It is said that Marguerite Duras drank six litres of wine a day while writing La Maladie de la Mort. This might account for the extremely jaundiced view on male/female interaction portrayed in this work.
An obvious inspiration for the 21st centuryâ€™s Christian Grey, the man in this piece is incapable of love, and seeks to find the experience by hiring a woman over several weeks to study, to dominate and to use.
In this adaptation by Katie Mitchell and Alice Birch, the bleakness of the story is shown as a film set projected on to screen in black and white, distancing and at the same time intrusively close. A team of technicians scuttle around on stage, while a narrative in French with subtitles is intoned. Interspersed with live shots are shots of the sea, and of the woman as a young girl, innocent until trauma touches her life.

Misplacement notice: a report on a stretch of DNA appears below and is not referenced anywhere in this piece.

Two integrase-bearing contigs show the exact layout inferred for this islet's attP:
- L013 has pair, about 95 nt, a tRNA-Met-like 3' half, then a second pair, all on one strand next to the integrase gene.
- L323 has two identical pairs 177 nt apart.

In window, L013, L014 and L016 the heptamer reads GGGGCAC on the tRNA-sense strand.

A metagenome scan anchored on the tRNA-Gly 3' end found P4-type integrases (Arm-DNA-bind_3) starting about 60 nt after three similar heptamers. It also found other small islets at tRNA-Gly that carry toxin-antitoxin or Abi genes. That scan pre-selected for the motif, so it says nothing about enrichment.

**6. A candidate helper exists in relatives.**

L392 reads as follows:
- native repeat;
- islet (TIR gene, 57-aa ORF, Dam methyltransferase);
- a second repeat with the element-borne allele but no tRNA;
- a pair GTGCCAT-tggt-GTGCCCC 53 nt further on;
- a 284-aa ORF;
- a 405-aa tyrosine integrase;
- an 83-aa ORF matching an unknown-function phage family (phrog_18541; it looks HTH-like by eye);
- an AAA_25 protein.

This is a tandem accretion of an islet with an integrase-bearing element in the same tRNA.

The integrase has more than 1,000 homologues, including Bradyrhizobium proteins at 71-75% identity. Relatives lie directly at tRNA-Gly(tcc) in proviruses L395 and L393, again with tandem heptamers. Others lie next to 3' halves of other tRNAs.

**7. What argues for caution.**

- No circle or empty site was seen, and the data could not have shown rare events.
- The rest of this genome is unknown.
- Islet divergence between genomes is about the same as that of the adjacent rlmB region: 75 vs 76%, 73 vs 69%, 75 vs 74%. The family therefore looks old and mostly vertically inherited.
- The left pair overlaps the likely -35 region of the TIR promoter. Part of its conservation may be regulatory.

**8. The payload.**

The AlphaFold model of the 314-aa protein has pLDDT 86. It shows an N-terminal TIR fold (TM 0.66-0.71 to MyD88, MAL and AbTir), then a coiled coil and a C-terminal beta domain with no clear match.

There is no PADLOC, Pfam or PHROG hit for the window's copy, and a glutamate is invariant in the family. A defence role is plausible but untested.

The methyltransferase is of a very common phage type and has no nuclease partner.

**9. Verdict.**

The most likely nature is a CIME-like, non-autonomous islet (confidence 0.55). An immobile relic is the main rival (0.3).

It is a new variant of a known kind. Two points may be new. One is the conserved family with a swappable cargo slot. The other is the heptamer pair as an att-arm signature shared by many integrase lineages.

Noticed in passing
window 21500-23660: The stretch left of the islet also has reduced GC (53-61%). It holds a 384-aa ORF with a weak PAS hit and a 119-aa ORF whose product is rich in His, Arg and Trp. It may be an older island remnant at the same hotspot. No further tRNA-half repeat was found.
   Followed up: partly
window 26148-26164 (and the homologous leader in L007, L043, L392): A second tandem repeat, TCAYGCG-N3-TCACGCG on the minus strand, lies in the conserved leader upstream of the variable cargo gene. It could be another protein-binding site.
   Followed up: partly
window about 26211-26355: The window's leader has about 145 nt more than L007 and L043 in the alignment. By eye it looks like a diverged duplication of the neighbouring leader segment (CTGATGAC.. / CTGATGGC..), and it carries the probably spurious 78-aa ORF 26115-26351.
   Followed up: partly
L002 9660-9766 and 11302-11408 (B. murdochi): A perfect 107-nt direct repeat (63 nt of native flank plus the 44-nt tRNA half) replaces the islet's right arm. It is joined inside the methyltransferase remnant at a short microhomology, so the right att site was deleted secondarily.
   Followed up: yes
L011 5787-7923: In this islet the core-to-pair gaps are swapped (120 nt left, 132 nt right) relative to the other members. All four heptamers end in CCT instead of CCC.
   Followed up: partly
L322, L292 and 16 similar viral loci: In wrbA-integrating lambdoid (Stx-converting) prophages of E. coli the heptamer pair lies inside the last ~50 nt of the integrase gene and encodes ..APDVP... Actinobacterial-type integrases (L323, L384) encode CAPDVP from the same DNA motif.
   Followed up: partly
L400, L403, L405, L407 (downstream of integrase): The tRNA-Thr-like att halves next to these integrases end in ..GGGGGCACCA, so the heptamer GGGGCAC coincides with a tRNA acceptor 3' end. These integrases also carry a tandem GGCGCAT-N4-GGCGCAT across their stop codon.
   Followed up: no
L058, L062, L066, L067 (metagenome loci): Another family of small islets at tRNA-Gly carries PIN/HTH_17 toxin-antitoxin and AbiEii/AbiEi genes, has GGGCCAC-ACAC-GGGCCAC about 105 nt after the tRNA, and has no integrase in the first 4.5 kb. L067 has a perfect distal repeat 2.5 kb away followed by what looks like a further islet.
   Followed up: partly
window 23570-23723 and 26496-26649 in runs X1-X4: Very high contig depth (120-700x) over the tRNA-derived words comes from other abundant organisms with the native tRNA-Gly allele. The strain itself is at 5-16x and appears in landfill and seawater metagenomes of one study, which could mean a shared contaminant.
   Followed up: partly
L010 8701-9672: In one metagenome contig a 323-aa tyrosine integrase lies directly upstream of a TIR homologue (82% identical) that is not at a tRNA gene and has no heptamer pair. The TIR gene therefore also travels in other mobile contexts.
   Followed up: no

The Man never leaves the room. His only other life is to watch pornography. The Woman is seen coming and going. She has another life, another persona. To her this is merely a financial arrangement, to him this is an attempt at emotional breakthrough wrapped in his power game of dominance.
Itâ€™s a bleak, unforgiving, nasty little piece. The exploited woman has insights into her own situation, and more importantly can read the manâ€™s disturbed behaviour for what it is. Onstage the woman sleeps a lot while the man broodingly studies her. Her torpor pervades all. There is no let up from the remorseless negativity of the situation.
Real life filming of onstage action seems a theme this year. Last time I saw it , it was joyful. This time itâ€™s colourless, uncomfortable to watch, and nihilistic. There is no resolution. The Man drifts on to his inevitable fate, and the Woman goes back to her life, job done, cash collected.
Laetitia Dosch and Nick Fletcher give strong, unflinching performances, but ennui and alienation leave one keen to escape.
A performance by Theatre des Bouffes du Nord in French with English subtitles
Lyceum Theatre until August 19th